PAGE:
The heart of Capital One's Art Program is the belief that when people are surrounded by thoughtful, innovative and beautiful work, they will create thoughtful, innovative and beautiful work.
Dan Treado, b. 1965
Drawing a Record/The Rules of Jinx (2021)
Oil on Panel
17 x 7 ft.
Dan Treado considers himself to be a process artist, meaning that his work is more about the production than the end product. His installation Drawing a Record/The Rules of Jinx (2021), which features brightly painted overlapping discs, hangs in the lobby of the new Watermark Hotel. Treado creates each painting using squeegees, scrapers and handmade paint brushes. By building many layers of pigment onto each disc, Treado is able to produce two-dimensional surfaces that erase the hand of the artist. Although abstract, the paintings begin with source images taken from biology, physics and the sciences.
Drawing a Record/The Rules of Jinx takes its name from vinyl records. Inspired to create what he calls “an analog audio experience,” Treado first considered drawing directly onto phonograph discs. Instead, he improvised with art materials, like these wooden panels. To support the larger surface, Treado built a modified turntable controlled by a sewing machine pedal that allowed him to paint the board while it was spinning. The final installation features a series of painted discs hung to overlap one another and create a play between microscopic and macroscopic space.
PHOTO CREDIT: David Hunter Hale Photography
Treado graduated from Georgetown University in Washington, DC in 1988. He further studied at the Skowhegan School of Painting and Sculpture and received his MFA from the Pratt Institute in Brooklyn, New York in 1992 . His work has been exhibited in Washington, DC and Chicago and it was featured in New American Paintings in 2000. Treado, who is the exhibition production director at the International Spy Museum, grew up in Silver Spring, Maryland and is a longtime Washington, D.C. resident.
Susan Goldman, b. 1958
Squaring the Circle #24 (2021)
42 x 42 in.
In Susan Goldman’s prints, aesthetic beauty and geometric simplicity meld together. The circle, for Goldman, is a recurring motif and one she has worked with in the past through mandalas, an ancient symbol found in Hindu and Buddhist traditions. Her recent series of prints, including Squaring the Flower B and Squaring the Circle #24 (all 2021), take up the task of “squaring a circle,” an homage to the mathematically disproved geometric puzzle.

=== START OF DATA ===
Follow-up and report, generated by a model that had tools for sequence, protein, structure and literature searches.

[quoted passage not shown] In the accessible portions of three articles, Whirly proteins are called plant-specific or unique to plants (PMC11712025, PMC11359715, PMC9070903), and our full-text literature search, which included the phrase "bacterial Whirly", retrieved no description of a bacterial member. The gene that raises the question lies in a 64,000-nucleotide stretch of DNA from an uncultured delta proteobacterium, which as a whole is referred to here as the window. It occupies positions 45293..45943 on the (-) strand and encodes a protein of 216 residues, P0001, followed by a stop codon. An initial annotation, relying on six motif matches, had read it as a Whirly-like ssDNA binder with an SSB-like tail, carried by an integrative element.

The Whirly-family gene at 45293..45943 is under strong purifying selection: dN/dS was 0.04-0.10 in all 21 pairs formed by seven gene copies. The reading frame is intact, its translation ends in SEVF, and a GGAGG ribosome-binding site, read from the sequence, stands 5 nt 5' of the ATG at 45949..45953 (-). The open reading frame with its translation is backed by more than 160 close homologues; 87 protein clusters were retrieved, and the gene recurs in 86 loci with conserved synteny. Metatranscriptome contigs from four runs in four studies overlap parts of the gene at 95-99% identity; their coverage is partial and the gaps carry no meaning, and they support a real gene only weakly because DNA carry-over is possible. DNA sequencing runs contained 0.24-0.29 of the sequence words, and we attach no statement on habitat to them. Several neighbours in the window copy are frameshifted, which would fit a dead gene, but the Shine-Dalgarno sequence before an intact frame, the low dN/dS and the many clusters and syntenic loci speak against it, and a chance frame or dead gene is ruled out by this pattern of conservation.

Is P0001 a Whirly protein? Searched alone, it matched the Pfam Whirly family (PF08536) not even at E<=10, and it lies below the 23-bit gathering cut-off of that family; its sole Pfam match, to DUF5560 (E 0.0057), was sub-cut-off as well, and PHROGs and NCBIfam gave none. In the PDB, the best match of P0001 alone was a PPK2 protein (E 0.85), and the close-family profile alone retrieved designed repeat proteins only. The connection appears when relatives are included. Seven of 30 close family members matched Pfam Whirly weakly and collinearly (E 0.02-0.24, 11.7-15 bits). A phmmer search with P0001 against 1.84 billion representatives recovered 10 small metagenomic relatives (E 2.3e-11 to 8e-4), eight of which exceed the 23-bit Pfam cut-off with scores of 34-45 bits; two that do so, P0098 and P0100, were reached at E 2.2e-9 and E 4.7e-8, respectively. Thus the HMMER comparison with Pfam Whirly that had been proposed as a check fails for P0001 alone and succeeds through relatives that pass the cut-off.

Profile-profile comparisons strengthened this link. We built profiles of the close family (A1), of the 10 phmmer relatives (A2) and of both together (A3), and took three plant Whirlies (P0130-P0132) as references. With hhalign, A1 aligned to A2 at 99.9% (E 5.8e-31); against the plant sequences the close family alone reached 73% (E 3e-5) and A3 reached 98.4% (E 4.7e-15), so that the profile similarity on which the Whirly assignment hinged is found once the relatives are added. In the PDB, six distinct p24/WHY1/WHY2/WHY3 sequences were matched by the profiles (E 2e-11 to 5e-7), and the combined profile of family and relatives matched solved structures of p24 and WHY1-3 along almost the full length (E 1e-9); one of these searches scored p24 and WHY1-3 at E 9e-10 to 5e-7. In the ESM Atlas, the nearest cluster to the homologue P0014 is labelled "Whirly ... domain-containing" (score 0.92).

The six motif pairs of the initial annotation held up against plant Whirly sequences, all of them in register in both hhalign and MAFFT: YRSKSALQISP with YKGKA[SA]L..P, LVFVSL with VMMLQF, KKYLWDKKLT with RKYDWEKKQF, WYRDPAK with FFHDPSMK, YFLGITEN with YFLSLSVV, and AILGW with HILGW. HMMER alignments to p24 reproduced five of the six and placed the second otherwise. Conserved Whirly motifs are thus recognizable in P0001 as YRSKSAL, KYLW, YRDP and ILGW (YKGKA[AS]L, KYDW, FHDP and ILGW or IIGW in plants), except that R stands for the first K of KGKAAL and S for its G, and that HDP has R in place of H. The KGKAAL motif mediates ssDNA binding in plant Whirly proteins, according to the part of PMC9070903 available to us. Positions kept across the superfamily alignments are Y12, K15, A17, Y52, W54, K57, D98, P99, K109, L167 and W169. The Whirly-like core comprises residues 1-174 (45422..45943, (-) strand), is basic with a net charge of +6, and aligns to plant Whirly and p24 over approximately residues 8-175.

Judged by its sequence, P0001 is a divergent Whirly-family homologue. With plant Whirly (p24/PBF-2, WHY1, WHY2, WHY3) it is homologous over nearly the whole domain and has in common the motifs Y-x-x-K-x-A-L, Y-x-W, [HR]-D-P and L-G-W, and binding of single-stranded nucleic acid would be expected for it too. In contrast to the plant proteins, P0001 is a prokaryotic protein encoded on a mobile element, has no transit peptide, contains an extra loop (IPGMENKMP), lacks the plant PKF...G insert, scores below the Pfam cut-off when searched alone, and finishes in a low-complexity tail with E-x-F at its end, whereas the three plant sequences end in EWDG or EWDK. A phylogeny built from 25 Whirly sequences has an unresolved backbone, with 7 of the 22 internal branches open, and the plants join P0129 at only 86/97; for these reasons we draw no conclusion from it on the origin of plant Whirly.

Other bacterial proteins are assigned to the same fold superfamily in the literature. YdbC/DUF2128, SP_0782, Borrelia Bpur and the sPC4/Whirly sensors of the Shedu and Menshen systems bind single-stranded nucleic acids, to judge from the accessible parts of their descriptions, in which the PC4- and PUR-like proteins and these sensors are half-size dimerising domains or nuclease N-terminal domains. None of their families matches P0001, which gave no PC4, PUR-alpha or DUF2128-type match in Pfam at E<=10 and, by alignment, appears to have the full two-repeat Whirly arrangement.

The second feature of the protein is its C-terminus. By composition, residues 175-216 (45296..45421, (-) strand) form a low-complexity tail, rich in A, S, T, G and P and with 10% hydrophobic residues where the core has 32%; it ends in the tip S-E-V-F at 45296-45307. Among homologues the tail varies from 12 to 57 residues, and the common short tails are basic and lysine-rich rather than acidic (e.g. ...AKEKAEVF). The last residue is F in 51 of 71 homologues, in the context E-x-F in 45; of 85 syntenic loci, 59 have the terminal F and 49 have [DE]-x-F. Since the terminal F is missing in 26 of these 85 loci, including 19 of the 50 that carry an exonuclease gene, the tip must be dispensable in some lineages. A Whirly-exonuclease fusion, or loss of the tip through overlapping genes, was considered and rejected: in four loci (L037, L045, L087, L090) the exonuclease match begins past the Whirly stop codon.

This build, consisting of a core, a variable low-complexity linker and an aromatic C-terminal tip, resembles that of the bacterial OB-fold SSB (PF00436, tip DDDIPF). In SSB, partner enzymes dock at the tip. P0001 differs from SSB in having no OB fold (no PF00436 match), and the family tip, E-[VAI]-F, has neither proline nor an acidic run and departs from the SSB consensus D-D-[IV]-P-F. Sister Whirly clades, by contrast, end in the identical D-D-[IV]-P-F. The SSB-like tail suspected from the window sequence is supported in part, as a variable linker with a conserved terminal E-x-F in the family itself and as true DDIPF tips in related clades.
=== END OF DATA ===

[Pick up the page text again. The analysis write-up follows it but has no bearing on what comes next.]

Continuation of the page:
Yet in Goldman’s hands, mathematics becomes playful. Each print features a single circle divided into four quadrants. Using a sensibility derived from Pop and Minimalist art of the 1960s, Goldman then layers evocative patterns, bright colors and classical floral motifs onto the geometric armature to create graphically vibrant targets. The resulting images appear both mathematically precise and carefree.
Goldman writes, “I’m playing with what can happen inside and outside variations on themes as they continue to reconfigure over time. My process comes out of a love of pattern, still life, antiquities and the underlying passion for color. The basic premise is beauty, making the world beautiful because the world is not always beautiful.”
PHOTO CREDIT: David Hunter Hale Photography
Artist, printmaker, filmmaker, and curator Susan Goldman earned a BFA from Indian University, Bloomington in 1981 and an MFA from Arizona State University, Tempe in 1984. Goldman is the recipient of a National Endowment for the Arts grant and, recently, a COVID-19 General Operating Support (GOS) Emergency Award for Artists and Scholars. A long-time educator, she was an adjunct professor at George Mason University for over a decade. Goldman is also the founding director of Lily Press, a private printmaking studio and the Printmaking Legacy Project, which preserves printmaking practice and history. Goldman has exhibited her work around the world and it is part of many permanent collections, including the AKIM in Jerusalem, the Smithsonian Museum of American Art in Washington, D.C., and the Cincinnati Art Museum in Cincinnati. A D.C.-native, Goldman resides in Maryland.
About Capital One Center
Capital One Center, the public-facing portion of Capital One’s global headquarters in Tysons, Virginia, redefines mixed-use development by providing an arts-focused enriching indoor/outdoor experience. When fully built-out, this 6 million sq. foot entertainment destination will be home to a vibrant array of public art, performances, and retail, including a world-class performing arts center, Capital One Hall, a 2.5 acre skypark, The Perch, and 300-key boutique hotel, The Watermark. Capital One Center is thoughtfully designed to create a walkable campus where small steps lead to big experiences.